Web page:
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Soyer: Don't displace Iowa City's students

BY HANNAH SOYER | MAY 08, 2015 5:00 AM

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On May 12, the Iowa City School Board will discuss the many proposals for redistricting the high schools. These new boundaries would take effect in 2017 with the opening of the new Liberty High, which is set to begin construction this year.

There have been more than a dozen plans proposed, all of them made as an attempt to reduce the disparity between poverty levels at each of the high schools, a measurement that is mainly taken from the percentage of students who qualify for free and reduced lunches.

While all of the plans are different, they deal with changing boundaries and moving students around. As it is right now, Iowa City community members generally live in neighborhoods with other people of similar socioeconomic levels as they are, and people from the same neighborhoods then attend the same school, which is why the differences in poverty at different schools are so noticeable.

One of the proposed ways to address this is to bus students from specific neighborhoods to other schools, thus splitting up students who live in the same neighborhoods. Specifically, under plan F5, a portion of the students who attend Kirkwood Elementary School would attend North Central Junior High and then Liberty High, even though Northwest Junior High School is just a five-minute walk from Kirkwood.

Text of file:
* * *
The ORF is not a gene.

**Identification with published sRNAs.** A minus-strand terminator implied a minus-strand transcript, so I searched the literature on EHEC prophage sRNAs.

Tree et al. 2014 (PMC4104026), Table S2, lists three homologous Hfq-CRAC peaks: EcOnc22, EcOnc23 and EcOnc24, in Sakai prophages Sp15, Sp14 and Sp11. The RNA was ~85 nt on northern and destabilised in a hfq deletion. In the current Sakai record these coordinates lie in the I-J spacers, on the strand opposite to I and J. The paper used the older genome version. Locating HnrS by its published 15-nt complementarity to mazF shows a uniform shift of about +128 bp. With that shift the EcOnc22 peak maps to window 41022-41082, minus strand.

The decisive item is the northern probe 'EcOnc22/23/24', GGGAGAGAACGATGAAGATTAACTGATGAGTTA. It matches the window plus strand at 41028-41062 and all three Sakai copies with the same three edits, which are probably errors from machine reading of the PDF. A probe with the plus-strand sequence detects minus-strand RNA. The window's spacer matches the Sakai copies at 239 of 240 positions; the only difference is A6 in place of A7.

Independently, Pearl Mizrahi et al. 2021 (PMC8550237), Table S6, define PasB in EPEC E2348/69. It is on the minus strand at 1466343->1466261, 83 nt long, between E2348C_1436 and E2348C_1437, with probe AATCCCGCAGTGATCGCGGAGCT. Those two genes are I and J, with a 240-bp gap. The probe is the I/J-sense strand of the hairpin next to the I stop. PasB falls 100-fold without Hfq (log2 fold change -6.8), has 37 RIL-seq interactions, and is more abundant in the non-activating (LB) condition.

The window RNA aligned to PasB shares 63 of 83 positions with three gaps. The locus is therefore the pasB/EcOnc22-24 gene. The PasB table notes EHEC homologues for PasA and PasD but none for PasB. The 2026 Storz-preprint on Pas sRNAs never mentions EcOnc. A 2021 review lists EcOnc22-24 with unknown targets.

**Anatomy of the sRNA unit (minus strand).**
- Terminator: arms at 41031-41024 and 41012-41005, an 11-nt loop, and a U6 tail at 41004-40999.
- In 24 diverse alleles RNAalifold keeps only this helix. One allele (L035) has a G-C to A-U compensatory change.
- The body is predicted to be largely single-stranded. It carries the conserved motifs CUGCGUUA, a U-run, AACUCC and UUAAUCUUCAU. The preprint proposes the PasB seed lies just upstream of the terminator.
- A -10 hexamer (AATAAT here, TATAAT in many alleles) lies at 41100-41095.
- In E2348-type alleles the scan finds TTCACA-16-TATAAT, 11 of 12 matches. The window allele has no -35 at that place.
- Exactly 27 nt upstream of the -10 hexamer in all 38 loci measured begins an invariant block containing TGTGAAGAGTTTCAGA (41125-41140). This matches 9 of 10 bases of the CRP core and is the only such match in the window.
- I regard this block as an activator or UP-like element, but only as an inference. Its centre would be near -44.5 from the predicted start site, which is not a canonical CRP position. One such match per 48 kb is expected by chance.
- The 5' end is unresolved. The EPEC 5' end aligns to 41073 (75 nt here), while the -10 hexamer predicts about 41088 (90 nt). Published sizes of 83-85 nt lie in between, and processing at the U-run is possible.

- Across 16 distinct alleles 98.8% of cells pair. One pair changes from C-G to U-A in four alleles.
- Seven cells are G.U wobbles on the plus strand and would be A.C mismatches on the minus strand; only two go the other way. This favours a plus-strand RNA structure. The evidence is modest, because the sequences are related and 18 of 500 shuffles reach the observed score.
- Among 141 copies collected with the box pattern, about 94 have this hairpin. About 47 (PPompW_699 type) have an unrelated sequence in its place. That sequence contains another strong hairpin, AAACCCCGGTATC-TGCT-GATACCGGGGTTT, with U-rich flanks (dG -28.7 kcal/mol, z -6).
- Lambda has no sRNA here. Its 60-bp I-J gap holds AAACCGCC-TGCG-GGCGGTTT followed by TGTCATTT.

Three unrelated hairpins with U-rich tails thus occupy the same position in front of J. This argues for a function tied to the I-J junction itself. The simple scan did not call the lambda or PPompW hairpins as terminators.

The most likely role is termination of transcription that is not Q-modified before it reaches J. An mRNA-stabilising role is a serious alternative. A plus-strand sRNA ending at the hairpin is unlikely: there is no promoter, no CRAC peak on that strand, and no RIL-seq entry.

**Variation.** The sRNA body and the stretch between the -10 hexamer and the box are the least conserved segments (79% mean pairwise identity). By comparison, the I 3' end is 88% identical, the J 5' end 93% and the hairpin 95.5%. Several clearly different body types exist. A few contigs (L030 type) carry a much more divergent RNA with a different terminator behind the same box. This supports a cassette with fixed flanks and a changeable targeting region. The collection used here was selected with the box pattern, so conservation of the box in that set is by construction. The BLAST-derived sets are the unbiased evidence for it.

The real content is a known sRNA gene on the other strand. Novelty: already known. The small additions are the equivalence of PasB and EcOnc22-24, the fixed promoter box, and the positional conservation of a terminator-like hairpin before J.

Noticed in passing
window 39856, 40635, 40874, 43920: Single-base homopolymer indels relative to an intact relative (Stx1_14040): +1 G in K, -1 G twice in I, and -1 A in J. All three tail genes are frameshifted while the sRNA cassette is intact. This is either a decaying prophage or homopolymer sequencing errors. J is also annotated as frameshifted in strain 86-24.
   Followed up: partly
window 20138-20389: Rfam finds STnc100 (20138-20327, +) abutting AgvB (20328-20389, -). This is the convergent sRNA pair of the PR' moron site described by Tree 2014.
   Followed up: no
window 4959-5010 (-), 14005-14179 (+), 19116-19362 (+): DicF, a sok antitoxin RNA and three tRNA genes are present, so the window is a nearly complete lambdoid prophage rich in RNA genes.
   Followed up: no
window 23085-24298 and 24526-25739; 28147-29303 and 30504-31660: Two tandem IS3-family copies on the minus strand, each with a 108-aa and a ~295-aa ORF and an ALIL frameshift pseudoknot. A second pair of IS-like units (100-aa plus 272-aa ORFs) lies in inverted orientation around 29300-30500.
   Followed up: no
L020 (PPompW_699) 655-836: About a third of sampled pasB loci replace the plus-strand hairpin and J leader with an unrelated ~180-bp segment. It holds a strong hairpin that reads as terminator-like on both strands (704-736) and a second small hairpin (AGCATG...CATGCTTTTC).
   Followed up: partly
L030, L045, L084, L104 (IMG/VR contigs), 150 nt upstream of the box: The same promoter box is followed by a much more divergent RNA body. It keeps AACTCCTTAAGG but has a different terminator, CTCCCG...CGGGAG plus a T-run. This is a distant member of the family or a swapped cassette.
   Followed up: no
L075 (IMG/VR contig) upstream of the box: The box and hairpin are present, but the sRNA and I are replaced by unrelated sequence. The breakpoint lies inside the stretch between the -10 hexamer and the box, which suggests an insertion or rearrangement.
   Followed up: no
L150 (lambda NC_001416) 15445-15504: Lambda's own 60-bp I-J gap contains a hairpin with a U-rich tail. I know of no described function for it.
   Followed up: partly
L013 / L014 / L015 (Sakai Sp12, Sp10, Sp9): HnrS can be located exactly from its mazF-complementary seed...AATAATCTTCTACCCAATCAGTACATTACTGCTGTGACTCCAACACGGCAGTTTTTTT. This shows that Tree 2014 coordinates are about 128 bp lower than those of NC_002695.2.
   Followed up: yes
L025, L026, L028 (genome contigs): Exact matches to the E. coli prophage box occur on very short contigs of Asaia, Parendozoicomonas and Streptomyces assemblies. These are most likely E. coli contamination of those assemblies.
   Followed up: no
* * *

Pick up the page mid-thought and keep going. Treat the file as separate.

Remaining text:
The community has conflicting opinions on which of the plans would be best. At a recent School Board meeting, parents and students raised concerns about the plan to pull kids from their neighborhoods and transfer them to different schools on buses. A large reason for concern with this plan is that it is splitting up a community. All of the students who have previously been grouped together in the same school would now be dispersed, and while going to a new school with a new group of peers could be seen as a positive fresh start, this means uprooting students from a community in which they have formed roots.

On a more logistical note, if students are being bused to a new school, a school that they would not be able to walk to, the bus is now their only form of transportation to and from this school. About half of the high-school students would be old enough to have their driver’s licenses, but it would be ignorant to assume that all of them who can drive will have cars. If students wished to participate in an after- or before-school activity, they now are unable to do so if they must catch the bus at a specific time. This is avoided by having students attend the school closer to their neighborhoods, so that walking or riding their bikes are options.

I did not grow up in Iowa City, nor have I been ever been personally affected by redistricting in the district that I went to grade school in, but the arguments against splitting up a neighborhood or smaller community of students makes the most sense to me. The immense disparity between poverty rates at the different schools does need to be addressed. However, this particular plan should be reconsidered.


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